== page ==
Unfortunately the result of oxytocin release in men is not only to make them feel less attached after sex than the woman, but often even completely DE-tached. So all of a sudden we have the scientific reason why ‘HE’ is suddenly too busy to see or even call you, ladies, and maybe even avoid you, after a one-night stand. Even more unfortunately, in true mirror-image, women are flooded with all sorts of other chemicals in addition to oxytocin – well we always were more complicated, according to men, magazines and our mothers… PEA or Phenylethylamine, and other chemicals such as dopamine and serotonin also surge in a woman’s bloodstream after sex, often resulting in deeply-felt attachment - and being desperate for more affection. The cuddle syndrome: oh dear!
So if men and women’s reactions are so different after sex, how and when do sex and love co-exist – or in fact when does sex play a positive part in engendering love? The answer lies in yet other clever little chemicals: endorphins. Hey, this design package is really good; I wonder who ever thought it up? (That is a rhetorical question…)
Over time, the emotional bond of sharing and caring ensures that endorphins – the chemicals responsible for long-term bonding - are also released to complement that little varmint and trouble maker, oxytocin.
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So let’s answer those questions we started with.
Q: How do we - men and women, that is - fall in love?
A: Over time and with reciprocal sharing and caring, with a bit of help from our best friends, the empathetic endorphins.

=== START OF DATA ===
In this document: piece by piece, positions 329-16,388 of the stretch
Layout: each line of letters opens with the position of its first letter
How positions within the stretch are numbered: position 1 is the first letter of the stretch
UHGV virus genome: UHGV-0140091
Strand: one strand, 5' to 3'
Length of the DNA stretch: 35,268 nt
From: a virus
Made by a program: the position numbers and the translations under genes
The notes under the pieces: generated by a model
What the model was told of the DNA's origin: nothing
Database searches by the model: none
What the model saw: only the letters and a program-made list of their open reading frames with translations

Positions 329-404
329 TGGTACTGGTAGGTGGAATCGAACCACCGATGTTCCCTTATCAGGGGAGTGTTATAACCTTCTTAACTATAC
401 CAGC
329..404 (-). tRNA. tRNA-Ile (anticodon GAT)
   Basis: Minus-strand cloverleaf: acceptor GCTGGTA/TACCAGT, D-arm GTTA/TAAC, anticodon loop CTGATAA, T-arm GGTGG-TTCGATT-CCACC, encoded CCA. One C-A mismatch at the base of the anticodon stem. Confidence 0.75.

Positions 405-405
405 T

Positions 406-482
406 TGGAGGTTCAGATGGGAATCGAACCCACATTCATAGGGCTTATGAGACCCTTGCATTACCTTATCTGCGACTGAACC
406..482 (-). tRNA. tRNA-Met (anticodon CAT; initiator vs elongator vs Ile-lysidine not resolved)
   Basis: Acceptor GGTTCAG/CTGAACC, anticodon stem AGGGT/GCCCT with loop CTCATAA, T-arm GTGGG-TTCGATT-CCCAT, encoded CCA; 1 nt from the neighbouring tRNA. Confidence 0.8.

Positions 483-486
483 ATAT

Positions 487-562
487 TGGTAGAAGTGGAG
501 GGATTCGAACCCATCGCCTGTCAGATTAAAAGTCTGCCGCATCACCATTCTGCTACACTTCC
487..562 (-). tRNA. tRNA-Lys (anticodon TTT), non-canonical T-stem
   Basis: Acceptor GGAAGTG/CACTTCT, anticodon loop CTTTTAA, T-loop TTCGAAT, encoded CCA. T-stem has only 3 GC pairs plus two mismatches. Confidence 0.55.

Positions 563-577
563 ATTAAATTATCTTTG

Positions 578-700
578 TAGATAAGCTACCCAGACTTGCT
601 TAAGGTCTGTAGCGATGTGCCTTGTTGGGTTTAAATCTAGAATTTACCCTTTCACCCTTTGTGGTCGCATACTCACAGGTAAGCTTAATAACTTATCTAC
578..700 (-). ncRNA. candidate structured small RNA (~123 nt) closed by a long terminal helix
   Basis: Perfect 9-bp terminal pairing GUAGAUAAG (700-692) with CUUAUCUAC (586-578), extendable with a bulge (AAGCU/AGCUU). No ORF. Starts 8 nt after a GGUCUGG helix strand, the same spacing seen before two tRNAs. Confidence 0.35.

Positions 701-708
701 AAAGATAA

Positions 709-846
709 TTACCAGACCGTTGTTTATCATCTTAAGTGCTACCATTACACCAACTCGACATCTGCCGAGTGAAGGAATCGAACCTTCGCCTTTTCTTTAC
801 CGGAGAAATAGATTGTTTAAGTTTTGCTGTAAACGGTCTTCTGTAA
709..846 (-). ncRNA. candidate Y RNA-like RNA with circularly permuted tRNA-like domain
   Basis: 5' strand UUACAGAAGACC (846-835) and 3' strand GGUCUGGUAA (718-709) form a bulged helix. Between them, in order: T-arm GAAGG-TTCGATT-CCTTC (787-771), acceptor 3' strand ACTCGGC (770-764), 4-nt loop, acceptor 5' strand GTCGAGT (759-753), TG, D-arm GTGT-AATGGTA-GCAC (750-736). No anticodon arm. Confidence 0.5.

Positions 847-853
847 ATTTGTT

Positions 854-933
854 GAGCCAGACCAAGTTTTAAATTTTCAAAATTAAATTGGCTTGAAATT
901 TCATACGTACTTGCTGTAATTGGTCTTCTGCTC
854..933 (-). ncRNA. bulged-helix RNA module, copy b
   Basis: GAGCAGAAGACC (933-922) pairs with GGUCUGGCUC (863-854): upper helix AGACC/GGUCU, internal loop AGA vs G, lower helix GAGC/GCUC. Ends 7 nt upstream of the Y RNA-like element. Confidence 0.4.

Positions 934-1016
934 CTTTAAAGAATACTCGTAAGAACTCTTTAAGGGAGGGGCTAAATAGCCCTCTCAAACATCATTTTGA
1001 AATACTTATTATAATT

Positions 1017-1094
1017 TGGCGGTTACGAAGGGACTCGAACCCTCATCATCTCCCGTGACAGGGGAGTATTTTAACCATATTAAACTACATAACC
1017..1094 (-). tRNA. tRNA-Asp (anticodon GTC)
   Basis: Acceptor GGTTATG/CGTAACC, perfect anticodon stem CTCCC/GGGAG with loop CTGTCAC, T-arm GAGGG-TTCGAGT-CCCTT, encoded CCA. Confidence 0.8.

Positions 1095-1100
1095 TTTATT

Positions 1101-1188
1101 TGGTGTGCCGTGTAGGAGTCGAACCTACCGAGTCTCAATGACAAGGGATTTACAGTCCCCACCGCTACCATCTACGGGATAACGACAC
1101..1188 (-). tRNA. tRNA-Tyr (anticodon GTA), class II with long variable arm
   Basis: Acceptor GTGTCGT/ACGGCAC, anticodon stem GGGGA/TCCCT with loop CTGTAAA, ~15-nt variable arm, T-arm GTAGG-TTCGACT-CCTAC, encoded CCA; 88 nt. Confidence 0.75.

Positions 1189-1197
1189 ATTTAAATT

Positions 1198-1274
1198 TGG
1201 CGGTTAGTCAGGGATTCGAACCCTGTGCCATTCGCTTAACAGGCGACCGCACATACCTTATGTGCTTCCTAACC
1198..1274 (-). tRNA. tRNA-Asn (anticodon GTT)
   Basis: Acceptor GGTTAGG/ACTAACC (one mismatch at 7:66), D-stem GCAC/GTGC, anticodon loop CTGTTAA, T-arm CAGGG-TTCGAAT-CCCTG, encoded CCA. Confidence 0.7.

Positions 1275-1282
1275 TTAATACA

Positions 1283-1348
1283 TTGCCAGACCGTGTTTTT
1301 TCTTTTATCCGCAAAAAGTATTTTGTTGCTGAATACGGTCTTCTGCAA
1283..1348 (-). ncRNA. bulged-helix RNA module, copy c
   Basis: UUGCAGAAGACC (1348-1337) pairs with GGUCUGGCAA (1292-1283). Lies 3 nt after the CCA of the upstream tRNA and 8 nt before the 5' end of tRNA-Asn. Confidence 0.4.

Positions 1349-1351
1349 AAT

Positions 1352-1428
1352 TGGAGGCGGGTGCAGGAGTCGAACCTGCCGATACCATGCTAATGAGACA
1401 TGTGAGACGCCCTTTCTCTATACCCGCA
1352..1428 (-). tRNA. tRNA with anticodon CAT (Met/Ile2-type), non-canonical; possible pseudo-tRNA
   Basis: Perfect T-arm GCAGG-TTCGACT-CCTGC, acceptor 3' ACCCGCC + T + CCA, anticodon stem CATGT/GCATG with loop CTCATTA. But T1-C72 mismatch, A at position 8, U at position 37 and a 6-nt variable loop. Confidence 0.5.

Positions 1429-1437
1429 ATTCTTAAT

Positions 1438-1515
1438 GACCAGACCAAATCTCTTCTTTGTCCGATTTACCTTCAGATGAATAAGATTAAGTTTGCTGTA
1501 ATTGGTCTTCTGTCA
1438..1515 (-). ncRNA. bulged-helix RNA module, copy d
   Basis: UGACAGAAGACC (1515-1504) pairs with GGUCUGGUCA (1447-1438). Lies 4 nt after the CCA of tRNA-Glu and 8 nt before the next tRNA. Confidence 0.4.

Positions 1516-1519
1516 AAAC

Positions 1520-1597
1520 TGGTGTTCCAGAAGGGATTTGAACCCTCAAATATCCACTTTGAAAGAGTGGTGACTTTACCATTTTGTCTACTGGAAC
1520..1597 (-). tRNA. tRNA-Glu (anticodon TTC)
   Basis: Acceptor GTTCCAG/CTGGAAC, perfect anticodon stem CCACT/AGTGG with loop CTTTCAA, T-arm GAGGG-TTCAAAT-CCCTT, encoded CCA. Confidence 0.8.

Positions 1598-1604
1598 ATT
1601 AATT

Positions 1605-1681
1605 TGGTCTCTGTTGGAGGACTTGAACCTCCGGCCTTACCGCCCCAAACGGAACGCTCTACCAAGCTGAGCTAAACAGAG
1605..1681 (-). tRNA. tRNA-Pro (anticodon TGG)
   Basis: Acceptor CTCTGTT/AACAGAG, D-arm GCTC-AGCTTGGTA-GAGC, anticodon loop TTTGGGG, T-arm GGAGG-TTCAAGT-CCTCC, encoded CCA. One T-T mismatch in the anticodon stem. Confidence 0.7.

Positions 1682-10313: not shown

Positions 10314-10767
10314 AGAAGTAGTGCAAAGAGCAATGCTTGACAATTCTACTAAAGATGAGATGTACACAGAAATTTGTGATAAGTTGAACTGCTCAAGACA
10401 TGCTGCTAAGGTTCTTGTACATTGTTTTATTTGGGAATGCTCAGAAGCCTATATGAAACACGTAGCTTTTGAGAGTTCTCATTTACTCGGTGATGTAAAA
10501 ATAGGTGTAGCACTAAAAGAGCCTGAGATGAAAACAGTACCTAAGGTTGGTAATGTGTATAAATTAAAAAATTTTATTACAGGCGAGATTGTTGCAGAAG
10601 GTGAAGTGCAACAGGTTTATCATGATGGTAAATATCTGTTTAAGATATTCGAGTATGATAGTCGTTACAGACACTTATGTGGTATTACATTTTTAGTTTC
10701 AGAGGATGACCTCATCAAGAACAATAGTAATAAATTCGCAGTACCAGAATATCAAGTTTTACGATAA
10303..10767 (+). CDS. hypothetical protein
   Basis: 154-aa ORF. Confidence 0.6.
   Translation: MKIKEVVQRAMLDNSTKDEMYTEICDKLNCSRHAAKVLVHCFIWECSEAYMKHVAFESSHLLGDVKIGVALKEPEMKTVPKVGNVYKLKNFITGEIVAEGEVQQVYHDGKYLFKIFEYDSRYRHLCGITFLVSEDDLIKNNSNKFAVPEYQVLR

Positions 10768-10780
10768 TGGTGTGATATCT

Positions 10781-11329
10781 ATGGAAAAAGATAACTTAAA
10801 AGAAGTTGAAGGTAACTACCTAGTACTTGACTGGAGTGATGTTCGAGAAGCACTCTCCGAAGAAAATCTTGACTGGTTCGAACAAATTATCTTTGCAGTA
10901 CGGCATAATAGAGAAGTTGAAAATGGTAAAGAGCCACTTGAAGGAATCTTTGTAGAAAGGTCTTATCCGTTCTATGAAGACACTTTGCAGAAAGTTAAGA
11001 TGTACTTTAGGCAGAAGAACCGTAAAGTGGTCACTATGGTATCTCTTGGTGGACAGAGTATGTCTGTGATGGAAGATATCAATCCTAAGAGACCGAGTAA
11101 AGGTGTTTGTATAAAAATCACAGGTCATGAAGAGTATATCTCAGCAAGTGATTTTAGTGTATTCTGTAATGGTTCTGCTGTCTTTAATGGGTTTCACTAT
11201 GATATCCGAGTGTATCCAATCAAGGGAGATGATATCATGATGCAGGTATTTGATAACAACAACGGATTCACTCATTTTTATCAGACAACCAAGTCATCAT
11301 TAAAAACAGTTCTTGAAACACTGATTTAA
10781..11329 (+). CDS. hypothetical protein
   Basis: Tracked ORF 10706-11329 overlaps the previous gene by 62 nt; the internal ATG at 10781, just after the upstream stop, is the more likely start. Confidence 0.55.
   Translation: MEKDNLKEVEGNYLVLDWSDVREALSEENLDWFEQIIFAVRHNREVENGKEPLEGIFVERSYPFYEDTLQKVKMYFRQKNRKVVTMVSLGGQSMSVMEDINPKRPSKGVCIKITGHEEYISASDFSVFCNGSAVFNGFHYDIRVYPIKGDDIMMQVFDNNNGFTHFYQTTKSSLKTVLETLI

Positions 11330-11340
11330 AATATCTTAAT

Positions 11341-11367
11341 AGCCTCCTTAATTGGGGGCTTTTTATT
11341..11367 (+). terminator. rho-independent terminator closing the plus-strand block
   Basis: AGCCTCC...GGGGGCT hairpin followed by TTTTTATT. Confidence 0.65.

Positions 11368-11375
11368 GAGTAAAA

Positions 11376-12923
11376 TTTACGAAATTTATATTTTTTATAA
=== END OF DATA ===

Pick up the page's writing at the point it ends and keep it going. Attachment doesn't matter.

Q: What role does sex play in falling in love?
A: Not the major one… it’s a bit part at best – and a supplementary role.
Now all this is great, but why did the man and woman appear to swap roles in my tale? It was the woman who was detached and spreading it around and the guy who was infatuated. It brings us to that final supplementary question:
Q: Do men and women think and respond sexually all that differently after all?
A: Well, yes in a straightforward physical way, but add in a bit of time and effort and it’s interesting that when surveyed the main type of response from a guy when asked how important sex was to him was this,
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‘A guy wants to feel like he’s significant to a woman and that she likes him so much that he is special enough to share something as intimate as sex with him.’ (Chapter 11 - The Strategy: Single and don’t want to be?)
We don’t always play out our ‘roles’ as people assume we will. Men are sensitive and emotional too. Women can be hard-hearted and put up barricades when they want. I didn’t tell you initially that the lady in question was in ‘break-up denial’ and thought that playing the field was the way to avoid heartache but sadly ended up on her own as both guys got fed up in the end. Rather points to the way forward for all of us perhaps?